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Price v. Berryhill

United States District Court, S.D. Illinois

April 7, 2017

WILLIAM PRICE, Plaintiff,
v.
NANCY A. BERRYHILL, Acting Commissioner of Social Security, Defendant. [1]

          MEMORANDUM AND ORDER

          CLIFFORD J. PROUD UNITED STATES MAGISTRATE JUDGE.

         This matter is before the Court on plaintiff's Motion for Attorney's Fees Under the Equal Access to Justice Act. (Doc. 47). Defendant filed a response in opposition at Doc. 50 and plaintiff filed a reply at Doc. 53.

         Pursuant to the Equal Access to Justice Act, 28 U.S.C. §2412(d)(1)(A), the Court shall award attorney's fees and expenses to a prevailing party in a civil action against the United States, including proceedings for judicial review of agency action, unless the government's position was substantially justified. The hourly rate for attorney's fees is not to exceed $125.00 per hour “unless the court determines that an increase in the cost of living or a special factor, such as the limited availability of qualified attorneys for the proceedings involved, justifies a higher fee.” §2412(d)(2)(A).

         In July 2015 the Seventh Circuit reversed this Court's order affirming the ALJ's decision and directed the Court to remand this case for further administrative proceedings. Doc. 45. Plaintiff is, therefore, the prevailing party. See, Shalala v. Schaefer, 509 U.S. 292, 302 (1993).

         In her response to the motion, the Commissioner argues the Court should not award fees because the government's position was substantially justified and plaintiff's fees sought are unreasonable.

         1. Substantially Justified

         The EAJA does not define the term “substantially justified, ” and the Seventh Circuit has recognized that its meaning in this context is not “self-evident.” U.S. v. Thouvenot, Wade & Moerschen, Inc., 596 F.3d 378, 381 (7th Cir. 2010). However, in view of the purpose of the Act, substantially justified means something more than “not frivolous;” the government's position “must have sufficient merit to negate an inference that the government was coming down on its small opponent in a careless and oppressive fashion.” Id., at 381-382.

         The government's position is substantially justified where it had a “reasonable basis in law and fact, that is, if a reasonable person could believe the position was correct.” Golembiewski v. Barnhart, 382 F.3d 721, 724 (7th Cir. 2004)(internal citations omitted). The Commissioner bears the burden of demonstrating that her position was substantially justified, and the Court must make a determination based on an assessment of both the government's pre-litigation and litigation conduct, including the decision of the ALJ. Ibid.

         Plaintiff's history and the specifics of the ALJ's decision are discussed in detail in the opinion written by the Seventh Circuit in Price v. Colvin, 794 F.3d 836 (7th Cir. 2015). The Seventh Circuit found that plaintiff's history created a presumption he would have continued to receive benefits had he not been sent to prison. Id. at 837. They also noted that plaintiff's combined intellectual problems and psychiatric abnormalities were consistent with rendering a person so afflicted incapable of gainful employment. Id. at 839. Judge Posner made it clear that the reasons given for finding plaintiff to be capable of gainful employment were “unconvincing.” Id. at 839.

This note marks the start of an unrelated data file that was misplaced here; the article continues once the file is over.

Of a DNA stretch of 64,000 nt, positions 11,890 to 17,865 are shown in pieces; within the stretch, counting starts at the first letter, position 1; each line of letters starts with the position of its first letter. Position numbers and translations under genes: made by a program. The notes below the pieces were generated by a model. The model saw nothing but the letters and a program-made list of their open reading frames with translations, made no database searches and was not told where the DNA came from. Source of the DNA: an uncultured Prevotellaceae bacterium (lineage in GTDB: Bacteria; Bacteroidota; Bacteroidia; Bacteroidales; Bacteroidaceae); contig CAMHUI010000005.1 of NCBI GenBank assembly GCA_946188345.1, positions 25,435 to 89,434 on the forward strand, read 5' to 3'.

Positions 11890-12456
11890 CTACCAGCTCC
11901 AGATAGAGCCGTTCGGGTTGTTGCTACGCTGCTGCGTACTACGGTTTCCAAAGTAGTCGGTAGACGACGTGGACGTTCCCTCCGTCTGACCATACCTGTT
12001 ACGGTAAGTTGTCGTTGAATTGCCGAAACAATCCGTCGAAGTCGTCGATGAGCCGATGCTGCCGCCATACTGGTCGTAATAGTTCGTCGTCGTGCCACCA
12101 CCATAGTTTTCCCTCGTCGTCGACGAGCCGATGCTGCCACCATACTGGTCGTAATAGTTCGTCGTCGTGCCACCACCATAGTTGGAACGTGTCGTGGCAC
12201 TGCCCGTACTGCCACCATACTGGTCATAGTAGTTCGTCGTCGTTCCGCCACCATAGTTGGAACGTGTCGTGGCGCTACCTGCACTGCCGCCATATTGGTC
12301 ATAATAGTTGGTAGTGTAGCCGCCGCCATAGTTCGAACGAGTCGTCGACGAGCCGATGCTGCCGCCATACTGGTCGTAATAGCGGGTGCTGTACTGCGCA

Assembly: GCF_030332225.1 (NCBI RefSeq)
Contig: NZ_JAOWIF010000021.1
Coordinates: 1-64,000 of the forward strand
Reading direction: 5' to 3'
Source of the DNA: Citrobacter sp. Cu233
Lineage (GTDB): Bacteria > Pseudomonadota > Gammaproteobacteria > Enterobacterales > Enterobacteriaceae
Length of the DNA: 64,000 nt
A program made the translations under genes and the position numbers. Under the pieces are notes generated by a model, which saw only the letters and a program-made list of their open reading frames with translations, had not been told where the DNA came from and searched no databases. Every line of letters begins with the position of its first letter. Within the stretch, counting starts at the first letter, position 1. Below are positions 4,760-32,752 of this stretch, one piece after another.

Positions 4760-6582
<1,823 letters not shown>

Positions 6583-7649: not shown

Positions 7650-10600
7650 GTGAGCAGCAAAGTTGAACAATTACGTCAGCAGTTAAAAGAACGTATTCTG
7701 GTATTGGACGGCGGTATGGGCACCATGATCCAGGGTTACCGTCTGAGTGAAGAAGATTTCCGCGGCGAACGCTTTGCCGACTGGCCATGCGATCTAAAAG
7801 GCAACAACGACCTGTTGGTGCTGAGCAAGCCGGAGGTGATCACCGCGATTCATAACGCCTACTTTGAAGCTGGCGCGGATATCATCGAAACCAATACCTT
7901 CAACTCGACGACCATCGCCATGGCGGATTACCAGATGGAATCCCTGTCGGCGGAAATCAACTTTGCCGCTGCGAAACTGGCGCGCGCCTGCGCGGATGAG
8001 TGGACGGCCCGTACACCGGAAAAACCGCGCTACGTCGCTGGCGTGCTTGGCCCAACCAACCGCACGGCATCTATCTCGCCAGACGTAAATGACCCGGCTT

The Commissioner argues that the fact that this Court found that the ALJ's decision was reasonable initially serves as prima facie evidence that a reasonable person would also find her position to be reasonable. Doc. 47, p. 3. However, Judge Posner notably disagreed with the idea that there was substantial justification in the ALJ's reasoning when he stated the “unavoidable conclusion” was “that the judgment of the district court must be . . . reversed.” Price, 794 at 841. As plaintiff notes in his EAJA brief, the appellate court excoriated the ALJ's decision, noting that facts were cherry picked, the ALJ had several instances within his opinion that lacked evidentiary support, and that there was an absence of logical bases for several conclusions. This is not indicative of a substantially justified position.

         Further, if the Commissioner's arguments were correct any party that advanced appeals to the Appeals Court and won at that level could not be granted fees. This is illogical. As the Seventh Circuit has stated, “if it is apparent from our opinion that we think the government lacked a substantial justification for its position, though the judge had thought it not only substantially justified but correct, he must bow. Golembiewski v.Barnhart, 382 F.3d 721, 724-25 (7th Cir.2004); Friends of Boundary Waters Wilderness v. Thomas, supra, 53 F.3d at 885-86.” United States v. Thouvenot, Wade & Moerschen, Inc., 596 F.3d 378, 384 (7th Cir. 2010).

         The Commissioner fails to advance arguments that show her position was substantially justified as a whole. Gatimi v. Holder, 606 F.3d 344, 349-50 (7th Cir. 2010). She does not indicate how she had a rational ground for her arguments outside of this Court's initial review of the case. Therefore, the Court finds that plaintiff is entitled to an award of attorney's fees under the EAJA.

         2. Unre ...


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